Monday, March 7, 2016

Review of Porchlight Music Theatre's Far From Heaven

Once upon a time I went to a show and it was called Far From Heaven. The book was written by Richard Greenberg. The lyrics were by Michael Korie and the music was by Scott Frankel. It was based on the movie by Todd Haynes. It was directed by Rob Lindley with music direction by Chuck Larkin and choreography by William Carlos Angulo. It was about a woman named Cathy (Summer Naomi Smart) and she was married to a man named Frank Whitaker (Brandon Springman) and he turned out to be gay. And after she found that out, her husband still wanted to make it work and stay with her, but the only person that she feels she can talk to is Raymond Deagan (Evan Tyrone Martin) who is their gardener. Then they get to know each other better and she starts to fall in love with him. But the problem is that then her reputation and Raymond's life are being damaged by spending time together because people are racist. They can't see each other anymore because they could both get hurt. I thought this was a touching, romantic, and exciting show. I really liked it.

I really liked the scene where Raymond and Cathy talked about art. I felt like it was a scene where you can really see them bonding. They are both appreciators of modern art. Everyone else said the art was "interesting," but I think they thought it was just dumb. Raymond and Cathy seemed to have very different opinions from the rest of the room. They talked about what kind of feelings and images and memories they saw in the picture and how it made them feel. They projected (projection design by Michael Stanfill) each work of art that they saw, and I thought that was very cool. You want to know what they are looking at because there are a lot of different Miró paintings, but the ones that they are looking at in particular really speak to them, so it helps you understand the song. It is a very old fashioned thing to think that Miró, because his paintings are more about feelings and less about accurately portraying what he is seeing, is bad at making art. There are other old-fashioned ideas and ways of thinking in this show, like racism, homophobia, and sexism. Sadly all of these problems aren't yet solved, but I call them old-fashioned because I feel like people should have gotten over believing these things.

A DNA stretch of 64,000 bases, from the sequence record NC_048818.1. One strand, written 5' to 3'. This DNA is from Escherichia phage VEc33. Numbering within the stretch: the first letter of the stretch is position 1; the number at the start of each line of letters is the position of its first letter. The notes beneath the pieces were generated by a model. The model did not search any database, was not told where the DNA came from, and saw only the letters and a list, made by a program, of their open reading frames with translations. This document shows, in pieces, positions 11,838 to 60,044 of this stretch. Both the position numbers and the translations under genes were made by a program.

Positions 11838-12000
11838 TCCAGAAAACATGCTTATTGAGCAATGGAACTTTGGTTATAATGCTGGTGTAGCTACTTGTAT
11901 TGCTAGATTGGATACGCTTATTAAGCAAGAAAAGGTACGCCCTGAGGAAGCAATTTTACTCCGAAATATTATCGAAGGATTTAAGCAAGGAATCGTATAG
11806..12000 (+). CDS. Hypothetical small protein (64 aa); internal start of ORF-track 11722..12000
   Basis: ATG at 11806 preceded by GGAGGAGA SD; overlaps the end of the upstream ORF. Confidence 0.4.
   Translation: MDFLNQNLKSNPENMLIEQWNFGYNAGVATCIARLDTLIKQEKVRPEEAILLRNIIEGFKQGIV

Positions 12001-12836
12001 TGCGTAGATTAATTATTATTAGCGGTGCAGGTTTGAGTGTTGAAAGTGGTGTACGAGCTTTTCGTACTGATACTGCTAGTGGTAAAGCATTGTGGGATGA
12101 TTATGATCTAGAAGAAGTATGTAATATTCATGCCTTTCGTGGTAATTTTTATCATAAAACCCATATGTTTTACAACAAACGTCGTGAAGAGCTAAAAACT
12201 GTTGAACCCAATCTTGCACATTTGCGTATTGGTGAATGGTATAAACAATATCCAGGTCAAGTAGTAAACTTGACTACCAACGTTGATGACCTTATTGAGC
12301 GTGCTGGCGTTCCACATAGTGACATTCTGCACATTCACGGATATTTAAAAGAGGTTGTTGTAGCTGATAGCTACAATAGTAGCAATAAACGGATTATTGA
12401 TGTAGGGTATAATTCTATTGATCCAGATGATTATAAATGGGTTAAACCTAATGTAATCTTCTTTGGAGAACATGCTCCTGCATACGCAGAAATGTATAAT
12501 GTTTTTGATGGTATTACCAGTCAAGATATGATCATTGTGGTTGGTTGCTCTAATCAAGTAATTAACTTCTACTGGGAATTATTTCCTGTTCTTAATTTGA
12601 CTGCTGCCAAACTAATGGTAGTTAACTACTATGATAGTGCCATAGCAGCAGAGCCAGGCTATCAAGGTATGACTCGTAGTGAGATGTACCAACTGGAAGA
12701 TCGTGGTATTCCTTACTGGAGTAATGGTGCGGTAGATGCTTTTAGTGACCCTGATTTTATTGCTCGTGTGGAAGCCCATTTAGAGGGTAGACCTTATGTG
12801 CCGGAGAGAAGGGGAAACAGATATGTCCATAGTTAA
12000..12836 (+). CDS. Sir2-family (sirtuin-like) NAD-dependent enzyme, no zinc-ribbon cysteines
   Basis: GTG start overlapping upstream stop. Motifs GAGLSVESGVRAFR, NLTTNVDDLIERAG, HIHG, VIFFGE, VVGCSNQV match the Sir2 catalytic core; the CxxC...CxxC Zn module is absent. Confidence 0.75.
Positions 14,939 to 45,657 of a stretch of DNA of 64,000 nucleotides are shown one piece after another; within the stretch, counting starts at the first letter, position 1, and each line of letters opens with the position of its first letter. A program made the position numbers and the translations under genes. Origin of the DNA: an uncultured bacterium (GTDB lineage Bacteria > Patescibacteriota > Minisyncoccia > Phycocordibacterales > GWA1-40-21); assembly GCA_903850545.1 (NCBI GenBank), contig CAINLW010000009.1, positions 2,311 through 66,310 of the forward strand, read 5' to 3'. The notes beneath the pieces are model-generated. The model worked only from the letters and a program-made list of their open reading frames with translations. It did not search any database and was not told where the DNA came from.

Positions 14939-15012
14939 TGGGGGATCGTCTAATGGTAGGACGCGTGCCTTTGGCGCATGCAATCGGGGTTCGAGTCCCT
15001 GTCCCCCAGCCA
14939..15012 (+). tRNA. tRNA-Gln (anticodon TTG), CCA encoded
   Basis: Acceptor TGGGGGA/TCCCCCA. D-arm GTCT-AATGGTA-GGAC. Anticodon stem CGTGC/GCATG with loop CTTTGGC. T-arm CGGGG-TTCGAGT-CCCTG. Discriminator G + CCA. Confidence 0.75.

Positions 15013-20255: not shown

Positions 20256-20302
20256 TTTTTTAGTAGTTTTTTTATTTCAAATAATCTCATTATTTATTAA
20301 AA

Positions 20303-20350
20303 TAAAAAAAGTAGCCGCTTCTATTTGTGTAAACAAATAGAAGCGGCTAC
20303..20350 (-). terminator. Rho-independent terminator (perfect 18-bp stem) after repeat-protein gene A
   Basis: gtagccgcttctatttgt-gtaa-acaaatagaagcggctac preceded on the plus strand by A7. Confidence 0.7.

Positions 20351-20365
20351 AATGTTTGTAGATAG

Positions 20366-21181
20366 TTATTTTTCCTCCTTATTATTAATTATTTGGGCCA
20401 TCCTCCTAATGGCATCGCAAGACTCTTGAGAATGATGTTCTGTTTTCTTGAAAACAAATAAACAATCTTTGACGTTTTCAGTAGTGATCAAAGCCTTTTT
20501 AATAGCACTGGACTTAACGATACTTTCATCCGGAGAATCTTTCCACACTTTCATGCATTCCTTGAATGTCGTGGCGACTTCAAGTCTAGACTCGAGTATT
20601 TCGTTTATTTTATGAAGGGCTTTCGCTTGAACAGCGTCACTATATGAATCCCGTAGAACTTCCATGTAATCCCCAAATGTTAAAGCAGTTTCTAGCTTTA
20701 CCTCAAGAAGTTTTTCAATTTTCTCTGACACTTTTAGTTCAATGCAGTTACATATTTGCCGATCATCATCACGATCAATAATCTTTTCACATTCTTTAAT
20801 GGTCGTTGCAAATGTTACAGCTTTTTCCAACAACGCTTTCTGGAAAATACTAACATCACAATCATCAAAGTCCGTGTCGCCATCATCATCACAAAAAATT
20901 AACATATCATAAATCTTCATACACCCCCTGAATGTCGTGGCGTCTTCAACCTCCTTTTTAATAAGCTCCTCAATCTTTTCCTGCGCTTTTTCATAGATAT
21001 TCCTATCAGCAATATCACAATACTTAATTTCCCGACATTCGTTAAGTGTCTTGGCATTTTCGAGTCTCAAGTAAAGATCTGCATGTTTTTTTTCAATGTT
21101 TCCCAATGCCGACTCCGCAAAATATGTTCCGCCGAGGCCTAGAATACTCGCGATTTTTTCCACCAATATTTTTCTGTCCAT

There is a party that the Whitakers put together and invite everyone from work to. Frank is not very nice in this scene, which is your introduction to the not-so-nice Frank. He says Cathy is ugly when she doesn't have her makeup on. You shouldn't say that about someone, especially in front of their friends. He is insanely drunk and his wife has just found out that he is gay. I think he has gone to drinking to console himself, but that is not the best way to console yourself. He did try therapy, but that didn't work out because his therapist (Jerry Mills) couldn't help him because you can't "cure" being gay and back then they thought of being gay as some kind of disease, which is not at all true. It kind of infuriates me that something that is just the way you feel about another grown-up person is considered an illness. In this scene, you don't like Frank very much, but when he finally makes his decision, you understand. I sympathize with Frank because he is just confused about his feelings.

I felt like there should have been more about Raymond and his daughter Sarah (Sidra Henderson) in the play. I really liked how he was very close with his daughter and interacted with her and explained things to her. You could really tell a lot just from Sarah's facial expressions. Like I could see that she didn't want to go play with the boys her father told her to play with, but she did because she wanted her dad to be happy. It would have made the play even better if we had seen the scene where Raymond was talking to Sarah after she had gotten beat up. That would have helped this play seem more culturally sensitive. Without that, it might be seen as another story about some white people not being racist in a world of racist people that doesn't really say much about African American people and their lives.

People who would like this show are people who like Miró, forbidden love, and crazy work parties. I think that people should go see this show. It opened my eyes to a lot of things about the beliefs people had in the 1950s, and I really enjoyed it.

Photos: Brandon Dahlquist

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